When Saturday comes, opposing supporters visiting the Swiss town of Sion could be in for a gastronomic treat.
The city’s Raiffeisen Super League outfit, FC Sion, has adopted a forward-thinking strategy in an attempt to minimise crowd trouble at the Stade Tourbillon.
Instead of implementing a heavy-handed police-based strategy to root out troublemakers or imposing draconian restrictions on their rivals, Sion is attempting to refine their rivals.
Back in July at the start of their latest league campaign the club based with the western Valais canton issued a press release that said:
“[We have] a reputation for acceptance and friendliness. We want to honour this image and make a step in your direction, in the spirit of sport and fair play,” it began.
Now that statement – warm, fuzzy and slightly against the grain as it was – admittedly does read a little vaguely.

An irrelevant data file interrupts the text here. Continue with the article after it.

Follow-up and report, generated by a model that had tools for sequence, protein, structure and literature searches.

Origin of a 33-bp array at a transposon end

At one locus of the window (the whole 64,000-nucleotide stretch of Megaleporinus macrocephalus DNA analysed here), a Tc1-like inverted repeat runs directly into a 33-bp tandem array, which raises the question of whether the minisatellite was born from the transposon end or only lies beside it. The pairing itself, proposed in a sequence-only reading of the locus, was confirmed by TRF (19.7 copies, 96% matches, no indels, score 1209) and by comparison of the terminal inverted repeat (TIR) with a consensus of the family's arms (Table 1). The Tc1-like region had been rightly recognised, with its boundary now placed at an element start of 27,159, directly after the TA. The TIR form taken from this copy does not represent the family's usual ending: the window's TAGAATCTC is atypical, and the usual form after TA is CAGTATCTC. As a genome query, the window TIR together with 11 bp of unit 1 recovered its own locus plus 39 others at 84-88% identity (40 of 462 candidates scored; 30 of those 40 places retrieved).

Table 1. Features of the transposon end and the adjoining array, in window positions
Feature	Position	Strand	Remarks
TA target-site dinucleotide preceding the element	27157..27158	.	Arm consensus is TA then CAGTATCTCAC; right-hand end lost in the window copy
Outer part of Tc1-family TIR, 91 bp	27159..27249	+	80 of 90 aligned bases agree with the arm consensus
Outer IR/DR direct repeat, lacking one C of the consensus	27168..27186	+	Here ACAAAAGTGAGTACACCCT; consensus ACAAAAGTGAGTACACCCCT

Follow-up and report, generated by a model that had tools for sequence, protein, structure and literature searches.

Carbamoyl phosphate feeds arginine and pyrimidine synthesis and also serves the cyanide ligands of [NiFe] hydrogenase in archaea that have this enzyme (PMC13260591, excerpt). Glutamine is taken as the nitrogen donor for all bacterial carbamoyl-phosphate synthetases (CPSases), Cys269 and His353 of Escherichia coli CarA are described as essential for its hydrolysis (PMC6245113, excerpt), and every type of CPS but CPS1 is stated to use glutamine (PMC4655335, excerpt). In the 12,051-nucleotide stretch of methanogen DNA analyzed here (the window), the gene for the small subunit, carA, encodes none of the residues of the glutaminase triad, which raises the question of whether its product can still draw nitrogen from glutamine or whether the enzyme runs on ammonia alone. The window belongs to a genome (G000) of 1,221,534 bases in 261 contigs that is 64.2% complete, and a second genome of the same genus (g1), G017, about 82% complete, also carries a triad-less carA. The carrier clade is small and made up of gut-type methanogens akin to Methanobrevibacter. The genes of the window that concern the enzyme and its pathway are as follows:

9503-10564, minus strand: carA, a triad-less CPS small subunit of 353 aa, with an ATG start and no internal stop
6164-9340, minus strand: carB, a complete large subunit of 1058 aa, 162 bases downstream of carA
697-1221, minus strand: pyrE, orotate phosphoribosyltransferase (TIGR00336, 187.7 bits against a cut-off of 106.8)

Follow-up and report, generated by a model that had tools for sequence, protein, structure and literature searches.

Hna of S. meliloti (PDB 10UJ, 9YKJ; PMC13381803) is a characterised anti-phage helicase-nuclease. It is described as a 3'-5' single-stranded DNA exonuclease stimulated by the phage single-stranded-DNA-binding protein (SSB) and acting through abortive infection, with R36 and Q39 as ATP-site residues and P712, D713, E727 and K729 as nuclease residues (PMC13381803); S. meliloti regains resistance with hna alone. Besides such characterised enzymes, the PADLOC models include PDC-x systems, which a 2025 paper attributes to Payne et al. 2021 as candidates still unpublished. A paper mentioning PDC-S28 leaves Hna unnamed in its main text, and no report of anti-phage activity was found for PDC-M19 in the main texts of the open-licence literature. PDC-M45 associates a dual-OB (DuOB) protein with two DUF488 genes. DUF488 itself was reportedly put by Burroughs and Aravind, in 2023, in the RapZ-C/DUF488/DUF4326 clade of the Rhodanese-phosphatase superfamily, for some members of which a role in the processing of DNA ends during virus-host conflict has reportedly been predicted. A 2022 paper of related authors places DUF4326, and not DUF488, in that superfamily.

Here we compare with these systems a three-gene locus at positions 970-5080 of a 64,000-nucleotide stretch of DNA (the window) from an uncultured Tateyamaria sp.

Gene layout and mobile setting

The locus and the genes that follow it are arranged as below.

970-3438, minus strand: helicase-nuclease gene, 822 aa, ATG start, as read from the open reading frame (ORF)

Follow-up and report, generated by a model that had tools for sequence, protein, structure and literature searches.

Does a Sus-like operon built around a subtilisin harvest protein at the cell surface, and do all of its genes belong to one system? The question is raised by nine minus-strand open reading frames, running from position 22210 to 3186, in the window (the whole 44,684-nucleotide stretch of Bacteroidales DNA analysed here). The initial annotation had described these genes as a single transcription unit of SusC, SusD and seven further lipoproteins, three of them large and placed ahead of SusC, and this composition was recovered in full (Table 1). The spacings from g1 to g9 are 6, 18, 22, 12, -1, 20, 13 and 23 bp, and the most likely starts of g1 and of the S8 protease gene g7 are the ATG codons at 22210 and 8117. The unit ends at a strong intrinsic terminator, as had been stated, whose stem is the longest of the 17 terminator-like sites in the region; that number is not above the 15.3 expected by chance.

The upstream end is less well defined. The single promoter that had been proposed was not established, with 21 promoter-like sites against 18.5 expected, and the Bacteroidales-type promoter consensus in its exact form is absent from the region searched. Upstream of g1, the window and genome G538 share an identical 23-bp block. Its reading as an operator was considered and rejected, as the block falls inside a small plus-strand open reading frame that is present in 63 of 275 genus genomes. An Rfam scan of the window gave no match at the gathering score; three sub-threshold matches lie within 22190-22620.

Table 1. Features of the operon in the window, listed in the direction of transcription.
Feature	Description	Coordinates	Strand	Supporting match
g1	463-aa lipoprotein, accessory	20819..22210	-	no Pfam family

You could, perhaps rightly, say that it lacks substance.
But the same cannot be said of what FC Sion has been serving up to their rivals’ supporters: Last Sunday around 600 fans of Luzern were able to enjoy the finer things in life as they were bestowed with local white wine and local delicacies, which included grilled raclette cheese.
That certainly is a bit different to the overcooked and under-filled pies that we are used to here in England.
This idea was the designated brainchild of the club’s owner Christian Constantin, a former goalkeeper and architect who has garnered an eccentric reputation since taking the club over some eleven years ago.
But how are the people on the terraces responding to this civilised ploy? Not so well it seems.
Luzern’s fans set off flares – as it traditional in Central and Eastern Europe – much to the apparent chagrin of Constantin whilst Basel’s supporters, who have drawn the ire of UEFA in recent years, unfurled a banner proclaiming that ‘they wouldn’t be bought’.
And what if these nicely nicely softly softly tactics don’t work? Constantin is quoted as saying: “I’ll close the away stand after the winter break.”
Fair enough then.
But we’d like to know where the klobasas are?